Joshua Kennon is a Managing Director of Kennon-Green & Co.
, a private asset management firm specializing in global value investing for affluent and high net worth individuals, families, and institutions. Nothing in this article or on this site, which is Mr. Kennon's personal blog, is intended to be, nor should it be construed as, investment advice, a recommendation, or an offer to buy or sell a security or securities. Investing can result in losses, sometimes significant losses. Prior to taking any action involving your finances or portfolio, you should consult with your own qualified professional advisor(s), such as an investment advisor, tax specialist, and/or attorney, who can help you consider your unique needs, circumstances, risk tolerance, and other relevant factors.
How to Make Money in Fable 2 – Or, How I Made My Fable 2 Character a Millionaire in a Few Days Without Cheating It’s remarkable that the same concepts that allowed me to be effectively retired by my mid-twenties allows me to frequently become rich in video games. That’s the nature of compounding. It…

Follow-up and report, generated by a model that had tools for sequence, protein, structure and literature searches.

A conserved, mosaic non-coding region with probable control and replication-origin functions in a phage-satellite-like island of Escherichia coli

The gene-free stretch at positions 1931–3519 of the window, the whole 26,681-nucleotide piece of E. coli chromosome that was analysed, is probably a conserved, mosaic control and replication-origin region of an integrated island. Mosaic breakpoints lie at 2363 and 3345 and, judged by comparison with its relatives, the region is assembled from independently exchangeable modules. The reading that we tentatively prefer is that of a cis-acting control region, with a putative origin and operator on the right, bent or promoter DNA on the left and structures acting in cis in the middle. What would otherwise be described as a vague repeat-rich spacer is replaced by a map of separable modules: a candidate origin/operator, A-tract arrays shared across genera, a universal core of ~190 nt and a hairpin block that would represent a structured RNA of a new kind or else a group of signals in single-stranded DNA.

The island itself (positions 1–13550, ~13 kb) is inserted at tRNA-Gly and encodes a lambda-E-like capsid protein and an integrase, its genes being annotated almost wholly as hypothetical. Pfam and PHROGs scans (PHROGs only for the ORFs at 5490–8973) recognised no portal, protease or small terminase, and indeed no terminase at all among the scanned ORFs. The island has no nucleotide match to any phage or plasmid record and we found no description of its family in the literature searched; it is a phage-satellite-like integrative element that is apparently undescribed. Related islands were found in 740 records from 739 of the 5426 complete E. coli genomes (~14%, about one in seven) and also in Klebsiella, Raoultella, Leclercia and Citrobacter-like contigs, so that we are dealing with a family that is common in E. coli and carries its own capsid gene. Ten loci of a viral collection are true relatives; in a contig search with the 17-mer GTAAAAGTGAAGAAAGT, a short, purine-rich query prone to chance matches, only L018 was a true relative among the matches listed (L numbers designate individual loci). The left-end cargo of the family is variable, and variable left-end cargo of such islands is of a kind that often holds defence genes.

One of the first things I did when my original company became successful was to order a Douwe Egberts coffee machine for the breakroom. For the uninitiated, Douwe Egberts coffee is the best in the world. There are no exceptions.
For a long time, I wanted to be a video game programmer. When I was still in elementary school, I saved up the $200 or so dollars for an entry-level version of Microsoft Visual Basic, went to trade shows to buy software on 5″+ floppy disks, and worked on creating my own version of the original Legend of Zelda in Microsoft Basic. At some point, however, my obsession with finance overcame everything and the idea of sitting in a skyscraper, reading stock reports, and compounding money for the sheer joy of building something eclipsed the video game dream.
By Charlie Munger (Warren Buffett’s partner at Berkshire Hathaway) Speech at Harvard Law School (1995) Transcription of The Psychology of Human Misjudgment, comments [in brackets] by Whitney Tilson. Note from Joshua Kennon: I’ve written a lot about Charlie Munger over the years, especially the influence he has had on my life and how we run…
Optimism bias, sometimes referred to as unrealistic bias or comparative optimism, is a particularly powerful mental model because it causes a person to believe he or she is less likely to experience a negative event than members of the general population with statistically identical risk factors.